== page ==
Once upon a time, Missouri was the bellwether of the Presidential elections. You could always count on us to pick the winner. Remember 2008 when Barack Obama rallied beneath the Arch and even John McCain paid a few visits here? Oh, those glorious days. But then, by just .1 percent of the popular vote, we gave our eleven precious electoral votes to McCain, who ultimately lost. And, just like that, we lost our precious bellwether status. (And also one electoral vote.)
Now, this year, every pollster has predicted we'll give them to Mitt Romney. It's like our red-ness is a foregone conclusion. Which means that even though we still get a shit-ton of campaign ads every time we dare to turn on the TV, they're only from locals. The whole Presidential thing has just passed us by.
Maybe it's just like those Rules ladies and our grandma said: If you're a sure thing, nobody's going to want to buy you dinner.
Back in 2008, we were one of the most popular states, lavished with money and attention. The Obama campaign poured in more than $11.3 million into Missouri, but McCain won it (barely) with a mere $9.4 million. Such a bargain!
This year, even though Obama and Romney have waged the most expensive campaign in history, with rumors that the candidates and their friends will have poured in more than $4 billion by the time they're done, Missouri's not even close to the most-wanted list. NPR's Adam Cole compiled a whole bunch of data on campaign spending between April and October of this year and then crunched the numbers to figure out where the Democrats and Republicans had done most of their spending. Turns out Ohio and Florida got the most love by far ($28.3 million and $38.9 million respectively) -- although, because Nevada and New Hampshire have smaller populations, the two campaigns ended up spending more money per person in those two states. (In this case, a "person" actually means a voting-aged adult. In New Hampshire, each vote was worth $5.35. In Nevada, it was a whopping $5.94.)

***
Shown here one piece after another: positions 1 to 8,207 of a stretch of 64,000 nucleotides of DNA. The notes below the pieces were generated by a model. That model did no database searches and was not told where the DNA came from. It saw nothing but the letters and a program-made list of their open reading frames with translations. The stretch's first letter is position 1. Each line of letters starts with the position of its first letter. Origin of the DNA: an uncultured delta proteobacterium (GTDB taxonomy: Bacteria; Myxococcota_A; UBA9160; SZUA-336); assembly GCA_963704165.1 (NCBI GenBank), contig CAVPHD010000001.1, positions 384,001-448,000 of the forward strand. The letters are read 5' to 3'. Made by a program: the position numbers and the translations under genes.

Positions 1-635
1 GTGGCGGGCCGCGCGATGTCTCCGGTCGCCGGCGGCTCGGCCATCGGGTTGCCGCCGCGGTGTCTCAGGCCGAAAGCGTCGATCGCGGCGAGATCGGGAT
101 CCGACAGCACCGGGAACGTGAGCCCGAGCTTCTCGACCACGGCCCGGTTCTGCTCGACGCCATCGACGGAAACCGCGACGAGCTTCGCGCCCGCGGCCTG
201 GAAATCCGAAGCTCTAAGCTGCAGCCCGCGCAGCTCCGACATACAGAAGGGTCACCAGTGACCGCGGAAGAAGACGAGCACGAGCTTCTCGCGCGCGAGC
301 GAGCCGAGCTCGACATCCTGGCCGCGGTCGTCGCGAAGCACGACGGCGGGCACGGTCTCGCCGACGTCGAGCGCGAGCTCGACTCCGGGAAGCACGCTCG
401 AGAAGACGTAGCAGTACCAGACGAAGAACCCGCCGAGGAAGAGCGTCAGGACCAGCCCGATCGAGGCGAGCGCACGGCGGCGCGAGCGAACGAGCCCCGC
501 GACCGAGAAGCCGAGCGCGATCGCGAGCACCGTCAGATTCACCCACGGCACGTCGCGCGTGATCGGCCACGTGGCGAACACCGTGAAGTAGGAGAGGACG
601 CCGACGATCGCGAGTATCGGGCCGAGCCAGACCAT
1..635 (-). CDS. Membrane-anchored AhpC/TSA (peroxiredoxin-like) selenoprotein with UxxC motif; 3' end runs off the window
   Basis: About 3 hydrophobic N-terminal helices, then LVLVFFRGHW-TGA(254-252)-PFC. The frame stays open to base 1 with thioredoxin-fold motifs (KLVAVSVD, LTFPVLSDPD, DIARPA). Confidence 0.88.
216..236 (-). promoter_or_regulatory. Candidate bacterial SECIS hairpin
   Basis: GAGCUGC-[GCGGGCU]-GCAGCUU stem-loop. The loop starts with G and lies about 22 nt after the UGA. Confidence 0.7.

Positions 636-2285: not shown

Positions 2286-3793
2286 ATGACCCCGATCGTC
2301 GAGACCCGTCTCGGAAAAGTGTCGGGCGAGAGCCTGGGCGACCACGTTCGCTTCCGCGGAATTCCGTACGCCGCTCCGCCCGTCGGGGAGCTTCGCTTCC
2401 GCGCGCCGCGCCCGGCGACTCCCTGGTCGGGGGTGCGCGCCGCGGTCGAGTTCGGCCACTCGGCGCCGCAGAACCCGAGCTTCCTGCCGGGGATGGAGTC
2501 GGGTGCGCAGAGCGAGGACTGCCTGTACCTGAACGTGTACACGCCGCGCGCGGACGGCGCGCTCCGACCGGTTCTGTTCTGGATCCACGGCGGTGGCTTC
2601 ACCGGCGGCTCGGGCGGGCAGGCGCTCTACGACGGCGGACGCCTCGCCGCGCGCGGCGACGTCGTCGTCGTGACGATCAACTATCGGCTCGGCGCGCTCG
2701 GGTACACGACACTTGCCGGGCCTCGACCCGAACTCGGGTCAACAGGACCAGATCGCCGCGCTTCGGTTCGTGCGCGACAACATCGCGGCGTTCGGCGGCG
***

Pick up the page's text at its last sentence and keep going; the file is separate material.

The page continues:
But even though we've been ignored by the Presidential campaigns, we've been spending pretty lavishly on ourselves. Claire McCaskill's campaign has raised $19.4 million and spent $17.4 million. Todd Akin has raised $4.6 million (only $1.6 million between the time he first opened his mouth about "legitimate rape" and the end of the crucial third quarter in September) and spent nearly all of it. He got a recent boost courtesy of reclusive, chess-loving billionaire Rex Sinquefield, who donated $200,000 to a PAC called Now or Never PAC which, in turn, gave $800,000 to help Akin through the last week of his campaign.
Can you imagine if that money were actually funneled into something more useful than TV ads?